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  2. It really bothers me when articles like this show up. Not that they are false. It is well known and has been for many decades that forests, especially in warmer climates, are poor sequesterers of carbon in soil, and the carbon on the forest floor is labile carbon, not stable carbon. The vast majority of stable soil carbon is in grassland/savanna biomes as the grasses are what sequester a far larger % of the products of photosynthesis deep in the soil profile. So once again this whole line of inquiry is flawed before it even began, because it is the wrong biome.

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  3. william@1,

    Techniques such as no till agriculture put carbon back into the soil and if widely adopted, would start to suck carbon from the atmosphere

    Although it sounds good, Im ' skeptical that much carbon can be sequestered thay way. It will find its way back to atmosphere in very short time because the two reservoirs are tightly coupled and ever-present microbial action tends to re-ballance any diturbance you create. Think about a model of two pools connected by a shallow, large diameter pipe. How much work do you need to do restrict the equilibrating flow in the pipe while you're trying to move water from one pool to anoher? And if your restriction starts leaking? Your efforts are going to waste.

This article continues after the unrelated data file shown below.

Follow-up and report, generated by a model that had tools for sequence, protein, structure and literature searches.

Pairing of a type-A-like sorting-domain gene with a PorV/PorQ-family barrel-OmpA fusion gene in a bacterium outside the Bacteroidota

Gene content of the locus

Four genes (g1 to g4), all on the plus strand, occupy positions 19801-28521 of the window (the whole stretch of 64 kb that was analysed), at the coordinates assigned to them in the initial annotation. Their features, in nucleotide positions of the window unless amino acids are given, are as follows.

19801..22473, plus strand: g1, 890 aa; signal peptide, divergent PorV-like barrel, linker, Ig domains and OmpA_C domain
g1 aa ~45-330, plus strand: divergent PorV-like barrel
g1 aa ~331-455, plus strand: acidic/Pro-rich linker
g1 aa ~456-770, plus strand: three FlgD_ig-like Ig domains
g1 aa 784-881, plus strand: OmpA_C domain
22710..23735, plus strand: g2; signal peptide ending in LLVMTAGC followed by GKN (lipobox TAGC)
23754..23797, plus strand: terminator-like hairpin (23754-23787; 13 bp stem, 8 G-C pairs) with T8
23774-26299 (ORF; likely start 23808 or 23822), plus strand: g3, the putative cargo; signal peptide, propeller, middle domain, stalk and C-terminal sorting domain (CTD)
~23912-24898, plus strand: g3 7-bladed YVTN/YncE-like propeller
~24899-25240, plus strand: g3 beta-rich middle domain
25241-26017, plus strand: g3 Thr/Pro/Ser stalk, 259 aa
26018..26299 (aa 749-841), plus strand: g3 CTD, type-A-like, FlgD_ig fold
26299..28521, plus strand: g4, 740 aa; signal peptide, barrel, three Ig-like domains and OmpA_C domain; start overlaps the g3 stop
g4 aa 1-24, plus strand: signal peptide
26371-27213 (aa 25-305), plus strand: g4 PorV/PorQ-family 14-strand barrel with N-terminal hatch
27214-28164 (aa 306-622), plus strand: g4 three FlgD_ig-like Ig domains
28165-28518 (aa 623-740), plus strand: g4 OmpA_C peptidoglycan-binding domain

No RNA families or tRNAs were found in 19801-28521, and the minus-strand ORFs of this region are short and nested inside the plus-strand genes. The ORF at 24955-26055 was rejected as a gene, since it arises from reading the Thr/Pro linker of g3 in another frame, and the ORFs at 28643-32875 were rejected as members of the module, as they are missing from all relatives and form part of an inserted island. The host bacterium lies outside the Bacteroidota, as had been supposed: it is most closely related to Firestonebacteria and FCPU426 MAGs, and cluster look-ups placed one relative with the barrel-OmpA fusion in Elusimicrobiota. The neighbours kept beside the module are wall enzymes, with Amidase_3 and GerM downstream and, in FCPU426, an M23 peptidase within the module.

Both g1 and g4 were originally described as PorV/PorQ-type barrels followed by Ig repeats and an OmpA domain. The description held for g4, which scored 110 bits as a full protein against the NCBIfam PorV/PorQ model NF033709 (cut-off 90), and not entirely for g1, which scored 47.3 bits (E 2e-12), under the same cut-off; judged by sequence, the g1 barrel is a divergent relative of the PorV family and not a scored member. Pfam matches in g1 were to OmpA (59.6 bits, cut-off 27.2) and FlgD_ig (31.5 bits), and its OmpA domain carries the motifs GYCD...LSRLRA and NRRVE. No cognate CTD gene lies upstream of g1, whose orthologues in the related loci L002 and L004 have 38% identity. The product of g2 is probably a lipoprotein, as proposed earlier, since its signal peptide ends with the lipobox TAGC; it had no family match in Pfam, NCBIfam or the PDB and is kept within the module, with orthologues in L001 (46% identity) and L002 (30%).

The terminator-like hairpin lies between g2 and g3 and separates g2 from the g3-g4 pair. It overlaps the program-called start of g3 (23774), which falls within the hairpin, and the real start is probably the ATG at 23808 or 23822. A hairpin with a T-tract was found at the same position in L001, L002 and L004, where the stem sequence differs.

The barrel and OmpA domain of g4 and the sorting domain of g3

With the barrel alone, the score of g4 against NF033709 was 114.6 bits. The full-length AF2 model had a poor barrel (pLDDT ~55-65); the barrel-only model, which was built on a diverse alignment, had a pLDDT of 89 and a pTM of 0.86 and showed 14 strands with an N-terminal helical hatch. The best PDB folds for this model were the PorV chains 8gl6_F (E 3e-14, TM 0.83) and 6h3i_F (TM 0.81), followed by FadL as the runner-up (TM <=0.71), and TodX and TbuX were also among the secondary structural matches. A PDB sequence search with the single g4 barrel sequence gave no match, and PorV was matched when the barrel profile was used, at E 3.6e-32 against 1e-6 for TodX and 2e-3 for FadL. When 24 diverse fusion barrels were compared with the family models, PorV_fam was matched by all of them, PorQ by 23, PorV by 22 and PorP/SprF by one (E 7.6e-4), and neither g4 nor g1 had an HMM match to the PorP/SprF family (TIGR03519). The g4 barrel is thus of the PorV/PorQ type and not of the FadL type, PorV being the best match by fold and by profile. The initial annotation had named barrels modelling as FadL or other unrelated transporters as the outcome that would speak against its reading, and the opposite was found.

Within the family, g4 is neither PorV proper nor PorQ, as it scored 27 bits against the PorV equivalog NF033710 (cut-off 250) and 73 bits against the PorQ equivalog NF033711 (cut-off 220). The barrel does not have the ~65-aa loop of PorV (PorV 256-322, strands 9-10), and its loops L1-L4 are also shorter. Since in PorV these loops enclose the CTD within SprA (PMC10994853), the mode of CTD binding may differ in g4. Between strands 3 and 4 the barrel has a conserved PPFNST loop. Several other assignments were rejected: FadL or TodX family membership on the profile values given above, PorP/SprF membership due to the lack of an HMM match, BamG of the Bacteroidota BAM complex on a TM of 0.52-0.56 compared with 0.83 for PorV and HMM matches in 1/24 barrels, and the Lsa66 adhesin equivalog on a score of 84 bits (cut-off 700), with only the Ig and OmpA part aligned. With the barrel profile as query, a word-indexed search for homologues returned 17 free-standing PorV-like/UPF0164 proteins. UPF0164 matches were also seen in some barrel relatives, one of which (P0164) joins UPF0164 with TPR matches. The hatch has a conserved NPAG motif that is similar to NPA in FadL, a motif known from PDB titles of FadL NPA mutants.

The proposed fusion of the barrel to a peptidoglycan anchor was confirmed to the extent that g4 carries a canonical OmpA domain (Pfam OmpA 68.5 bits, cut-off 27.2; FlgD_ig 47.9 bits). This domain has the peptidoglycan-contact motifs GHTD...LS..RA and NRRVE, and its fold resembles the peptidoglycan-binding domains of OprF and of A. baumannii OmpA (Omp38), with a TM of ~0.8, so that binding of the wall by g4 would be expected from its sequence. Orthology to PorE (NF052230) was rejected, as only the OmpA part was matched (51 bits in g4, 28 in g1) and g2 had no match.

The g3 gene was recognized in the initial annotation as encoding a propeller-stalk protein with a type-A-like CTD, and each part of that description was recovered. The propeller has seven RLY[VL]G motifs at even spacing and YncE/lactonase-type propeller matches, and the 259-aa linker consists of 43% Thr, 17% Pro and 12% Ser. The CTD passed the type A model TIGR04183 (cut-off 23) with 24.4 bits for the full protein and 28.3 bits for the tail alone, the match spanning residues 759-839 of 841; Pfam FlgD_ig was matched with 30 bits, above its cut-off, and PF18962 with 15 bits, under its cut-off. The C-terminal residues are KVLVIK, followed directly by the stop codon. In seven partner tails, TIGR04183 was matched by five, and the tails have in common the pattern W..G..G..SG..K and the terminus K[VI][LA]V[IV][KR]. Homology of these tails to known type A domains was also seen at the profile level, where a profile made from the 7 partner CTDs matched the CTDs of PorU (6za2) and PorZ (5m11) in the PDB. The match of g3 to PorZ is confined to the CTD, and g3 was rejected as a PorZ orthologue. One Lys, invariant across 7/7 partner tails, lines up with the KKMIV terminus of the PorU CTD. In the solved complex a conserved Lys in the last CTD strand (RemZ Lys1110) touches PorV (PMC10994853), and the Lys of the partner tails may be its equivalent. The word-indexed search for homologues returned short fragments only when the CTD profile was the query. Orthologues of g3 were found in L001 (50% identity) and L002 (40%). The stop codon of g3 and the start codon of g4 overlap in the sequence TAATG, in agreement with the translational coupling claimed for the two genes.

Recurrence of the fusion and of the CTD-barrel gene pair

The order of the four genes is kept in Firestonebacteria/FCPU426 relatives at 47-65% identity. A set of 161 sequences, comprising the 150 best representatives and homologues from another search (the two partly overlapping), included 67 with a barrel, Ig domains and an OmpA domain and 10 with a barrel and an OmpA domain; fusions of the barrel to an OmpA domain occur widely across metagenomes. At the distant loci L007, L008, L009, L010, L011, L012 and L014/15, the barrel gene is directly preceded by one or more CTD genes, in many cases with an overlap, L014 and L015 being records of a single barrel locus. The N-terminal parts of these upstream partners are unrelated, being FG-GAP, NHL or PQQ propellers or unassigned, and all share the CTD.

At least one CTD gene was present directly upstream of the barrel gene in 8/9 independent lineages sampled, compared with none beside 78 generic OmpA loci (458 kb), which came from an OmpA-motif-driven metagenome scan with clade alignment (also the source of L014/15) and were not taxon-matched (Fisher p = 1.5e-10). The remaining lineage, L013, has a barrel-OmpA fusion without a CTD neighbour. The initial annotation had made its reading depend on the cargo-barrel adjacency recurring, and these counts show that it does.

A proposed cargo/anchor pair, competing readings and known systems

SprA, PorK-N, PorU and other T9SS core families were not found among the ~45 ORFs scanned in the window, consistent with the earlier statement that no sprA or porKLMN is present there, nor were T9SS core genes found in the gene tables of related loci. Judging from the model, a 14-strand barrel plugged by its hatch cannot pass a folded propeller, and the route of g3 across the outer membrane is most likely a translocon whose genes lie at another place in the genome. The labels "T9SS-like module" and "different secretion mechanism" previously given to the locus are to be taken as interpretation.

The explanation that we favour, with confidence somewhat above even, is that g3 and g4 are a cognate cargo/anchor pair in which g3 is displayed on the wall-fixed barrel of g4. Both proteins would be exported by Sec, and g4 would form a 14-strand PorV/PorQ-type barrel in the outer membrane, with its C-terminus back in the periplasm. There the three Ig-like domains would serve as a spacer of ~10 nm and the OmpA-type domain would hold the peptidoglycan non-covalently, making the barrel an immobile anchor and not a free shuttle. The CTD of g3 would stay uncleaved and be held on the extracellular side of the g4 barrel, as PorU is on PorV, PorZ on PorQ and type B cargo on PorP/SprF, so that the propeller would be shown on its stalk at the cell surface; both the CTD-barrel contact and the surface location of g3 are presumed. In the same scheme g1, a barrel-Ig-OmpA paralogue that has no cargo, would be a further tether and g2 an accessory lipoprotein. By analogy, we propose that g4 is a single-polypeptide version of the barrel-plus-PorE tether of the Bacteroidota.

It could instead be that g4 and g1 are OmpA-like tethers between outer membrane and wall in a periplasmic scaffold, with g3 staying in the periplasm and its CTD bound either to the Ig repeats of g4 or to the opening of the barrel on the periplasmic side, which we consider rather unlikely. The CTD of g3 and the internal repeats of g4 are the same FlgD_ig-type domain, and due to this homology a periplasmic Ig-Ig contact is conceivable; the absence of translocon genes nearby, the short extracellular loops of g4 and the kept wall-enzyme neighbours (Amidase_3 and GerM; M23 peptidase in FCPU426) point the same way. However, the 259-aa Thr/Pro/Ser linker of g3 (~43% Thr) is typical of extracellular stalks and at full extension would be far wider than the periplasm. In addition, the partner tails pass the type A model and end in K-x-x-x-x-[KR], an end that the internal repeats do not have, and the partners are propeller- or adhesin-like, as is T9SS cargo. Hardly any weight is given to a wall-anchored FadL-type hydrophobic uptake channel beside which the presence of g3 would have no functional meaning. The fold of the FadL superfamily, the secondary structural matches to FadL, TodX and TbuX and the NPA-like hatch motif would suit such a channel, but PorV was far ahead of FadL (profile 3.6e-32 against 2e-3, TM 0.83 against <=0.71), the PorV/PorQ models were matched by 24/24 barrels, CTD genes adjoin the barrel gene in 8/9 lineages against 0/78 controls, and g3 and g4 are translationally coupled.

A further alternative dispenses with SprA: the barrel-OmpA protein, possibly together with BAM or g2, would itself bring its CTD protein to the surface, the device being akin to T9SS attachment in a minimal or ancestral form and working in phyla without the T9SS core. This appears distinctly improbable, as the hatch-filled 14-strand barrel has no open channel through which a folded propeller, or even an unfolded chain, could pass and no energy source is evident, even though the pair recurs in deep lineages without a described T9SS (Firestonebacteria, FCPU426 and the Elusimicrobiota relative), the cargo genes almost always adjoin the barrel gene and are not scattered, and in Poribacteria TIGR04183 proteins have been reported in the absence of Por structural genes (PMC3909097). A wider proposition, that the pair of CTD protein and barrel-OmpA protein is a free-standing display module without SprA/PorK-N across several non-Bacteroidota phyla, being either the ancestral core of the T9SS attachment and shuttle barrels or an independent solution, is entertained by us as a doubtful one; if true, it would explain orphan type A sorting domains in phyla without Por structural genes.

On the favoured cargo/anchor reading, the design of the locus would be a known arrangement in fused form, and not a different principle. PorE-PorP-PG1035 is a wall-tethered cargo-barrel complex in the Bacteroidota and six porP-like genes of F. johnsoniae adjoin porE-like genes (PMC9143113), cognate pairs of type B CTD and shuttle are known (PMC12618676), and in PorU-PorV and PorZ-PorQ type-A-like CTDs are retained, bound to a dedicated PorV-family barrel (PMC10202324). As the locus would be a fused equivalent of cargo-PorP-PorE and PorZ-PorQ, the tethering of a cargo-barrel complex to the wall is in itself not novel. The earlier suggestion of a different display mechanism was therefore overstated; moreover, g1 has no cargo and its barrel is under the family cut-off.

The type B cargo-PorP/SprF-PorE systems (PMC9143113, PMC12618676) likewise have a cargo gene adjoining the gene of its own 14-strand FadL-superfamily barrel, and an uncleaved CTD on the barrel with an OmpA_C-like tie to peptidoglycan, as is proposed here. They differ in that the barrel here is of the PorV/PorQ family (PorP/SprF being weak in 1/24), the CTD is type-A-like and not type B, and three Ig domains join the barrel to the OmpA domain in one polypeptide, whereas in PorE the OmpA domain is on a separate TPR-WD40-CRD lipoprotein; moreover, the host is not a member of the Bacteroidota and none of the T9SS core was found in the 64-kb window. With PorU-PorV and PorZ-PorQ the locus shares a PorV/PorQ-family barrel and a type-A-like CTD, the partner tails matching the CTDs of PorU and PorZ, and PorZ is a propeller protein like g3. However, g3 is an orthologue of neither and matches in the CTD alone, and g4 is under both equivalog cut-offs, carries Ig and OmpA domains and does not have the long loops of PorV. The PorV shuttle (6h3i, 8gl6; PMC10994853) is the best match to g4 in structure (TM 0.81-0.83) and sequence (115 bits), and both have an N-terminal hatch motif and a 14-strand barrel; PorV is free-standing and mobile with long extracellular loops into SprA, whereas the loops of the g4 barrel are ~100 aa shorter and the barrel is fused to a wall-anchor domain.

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  4. You can be skeptical you want Chriskoz, but this study is on the wrong biome and a different carbon pathway. It's meaningless, as is your arguments as to why you are skeptical as well. You are talking about labile carbon, which has a very tiny relative impact on soil carbon anyway. The pathway that has potential to actually be used by agriculture to sequester carbon long term deep in the soil profile is called "the liquid carbon pathway" ie photosynthesis-root exudates-micorrhyzal fungi- glomalin-humic polimers which bind tightly to the soil mineral base and last thousands of years or more if undisturbed. This is a defining property of grassland biomes and is what created the deep rich high carbon mollisols of the world.

     

    http://amazingcarbon.com/PDF/JONES-LiquidCarbonPathway(AFJ-July08).pdf